It has been my privilege to serve you for the last four years as a Director on the Kensington Police Protection and Community Services District (KPPCSD) Board. With your support, I've been able to work with other Board members and District staff to improve the accountability and quality of our town's governance and services. I am proud of what we have been able to achieve!
I’ve worked hard over my first term to hold the police accountable to high standards of professionalism. I
eliminated an inherent conflict of interest by separating the role of the General Manager from the Chief of Police. ...
In this moment of multiple, compounding crises, Kensington can be a model of supporting important community services in addition to executing on the District’s responsibilities for law enforcement. ...
After my election, I made good on my promise to restore our trust in the KPPCSD’s governance and administration. I made tough but smart choices to stabilize our finances for the long haul, saving nearly $2 million. ...
Public Safety BuildinG
We must ensure that we continue to house Kensington's Police and Fire Departments in one Public Safety Building. The renovation of our current building, which co-houses the District’s administrative staff, Police and Fire, is illustrative of the financial challenges we face. ...
I’ve worked hard over my 1st term to hold the police accountable to high standards of professionalism. I am proud to have separated the role of the District’s General Manager from the Chief of Police just three months into my term, eliminating an inherent conflict of interest. I strengthened police accountability with the adoption of body-worn cameras revised use of force policy in line with the #8Can’tWait campaign.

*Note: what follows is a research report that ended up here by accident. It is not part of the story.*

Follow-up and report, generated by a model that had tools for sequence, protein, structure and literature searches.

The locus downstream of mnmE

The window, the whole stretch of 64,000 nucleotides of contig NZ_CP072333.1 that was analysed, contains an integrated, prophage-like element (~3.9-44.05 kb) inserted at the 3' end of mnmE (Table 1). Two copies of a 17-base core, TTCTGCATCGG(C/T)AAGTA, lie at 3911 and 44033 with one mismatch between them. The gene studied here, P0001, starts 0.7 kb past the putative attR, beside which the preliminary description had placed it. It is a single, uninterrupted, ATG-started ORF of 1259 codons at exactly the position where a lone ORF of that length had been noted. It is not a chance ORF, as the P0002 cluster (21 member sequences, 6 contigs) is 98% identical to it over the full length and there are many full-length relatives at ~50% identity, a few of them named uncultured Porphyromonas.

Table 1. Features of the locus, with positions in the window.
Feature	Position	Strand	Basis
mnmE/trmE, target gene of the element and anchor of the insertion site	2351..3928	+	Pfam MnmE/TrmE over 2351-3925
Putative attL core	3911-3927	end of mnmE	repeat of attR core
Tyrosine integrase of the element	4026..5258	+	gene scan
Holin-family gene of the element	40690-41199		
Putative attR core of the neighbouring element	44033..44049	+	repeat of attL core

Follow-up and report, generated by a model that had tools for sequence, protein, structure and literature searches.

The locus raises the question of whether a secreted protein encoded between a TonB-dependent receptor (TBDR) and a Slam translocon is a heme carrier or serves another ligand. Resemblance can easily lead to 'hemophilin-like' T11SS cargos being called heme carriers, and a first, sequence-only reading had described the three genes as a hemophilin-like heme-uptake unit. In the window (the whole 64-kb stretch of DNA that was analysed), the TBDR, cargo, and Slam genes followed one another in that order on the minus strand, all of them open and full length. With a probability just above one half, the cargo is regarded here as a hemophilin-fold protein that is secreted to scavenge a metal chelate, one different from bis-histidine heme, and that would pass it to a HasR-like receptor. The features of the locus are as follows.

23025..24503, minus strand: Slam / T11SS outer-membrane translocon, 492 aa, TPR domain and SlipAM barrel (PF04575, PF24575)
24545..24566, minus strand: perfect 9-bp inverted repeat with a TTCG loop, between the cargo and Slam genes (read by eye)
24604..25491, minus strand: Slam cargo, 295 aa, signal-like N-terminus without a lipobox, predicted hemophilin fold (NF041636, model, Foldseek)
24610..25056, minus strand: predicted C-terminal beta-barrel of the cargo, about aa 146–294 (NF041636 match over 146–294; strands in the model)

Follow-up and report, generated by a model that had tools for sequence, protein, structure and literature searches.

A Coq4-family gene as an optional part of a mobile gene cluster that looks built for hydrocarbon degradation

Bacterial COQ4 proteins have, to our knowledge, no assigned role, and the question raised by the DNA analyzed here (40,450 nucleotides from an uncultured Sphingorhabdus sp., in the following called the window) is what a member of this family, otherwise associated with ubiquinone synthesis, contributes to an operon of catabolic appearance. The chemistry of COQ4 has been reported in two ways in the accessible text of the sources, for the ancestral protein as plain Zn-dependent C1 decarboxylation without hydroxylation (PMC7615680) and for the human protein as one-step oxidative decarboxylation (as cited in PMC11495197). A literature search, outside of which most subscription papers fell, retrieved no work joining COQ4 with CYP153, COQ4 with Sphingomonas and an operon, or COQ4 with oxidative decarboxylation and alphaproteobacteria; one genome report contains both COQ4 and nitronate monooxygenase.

I voted for the subsequent hire Interim Chief Steve Simpkins, a “turnaround expert” with strong leadership skills to change the culture of the department. Over the past year, the police have refocused on residents’ top concerns: emergency evacuation, traffic safety, crime prevention, and community engagement.
If re-elected, I will continue to provide rigorous oversight of the department and its still-nascent effort to operate with high standards of professionalism, community-based policing, and the full confidence and support of Kensington residents.
We need to explore adding community service officers to handle the community policing and crime prevention our residents desire while ensuring public safety with essential law enforcement and robust 911 services. We are a low-crime district and could do more to utilize partnerships with other police jurisdictions to lower the total cost of an in-house department. Interim Chief Simpkins recommended contracting for several functions. Our Fire Department, now entering it’s 31st year under contract with El Cerrito, is a model partnership.
We cannot go back to the bad old days of 2013’s “Renogate” cover-up, or even last year’s, embarrassing, and frankly chilling, attempt to intimidate our General Manager with a citizen’s arrest by one of our officers. The effort to provide appropriate, accountable, police services needs consistent, rigorous oversight and there’s much more work to be done.
In this moment of multiple, compounding crises, Kensington can be a model of supporting urgent community services in addition to executing on the District’s responsibilities for law enforcement. Health, environmental and safety needs are urgent priorities in my family. During their young lives, my two daughters have faced multi-year droughts, the threat of wildfires with unbreathable air, extreme heat over the Bay area, and now a shelter-in-place order in response to Covid-19.
For a number of years, our community center and park, the core of our civic life and green space, had been under-funded and neglected. I co-led a public-private partnership to renovate our 65-year-old community center to meet today’s safety, accessibility and energy standards. We completed the project on time and under budget. Additionally, we have: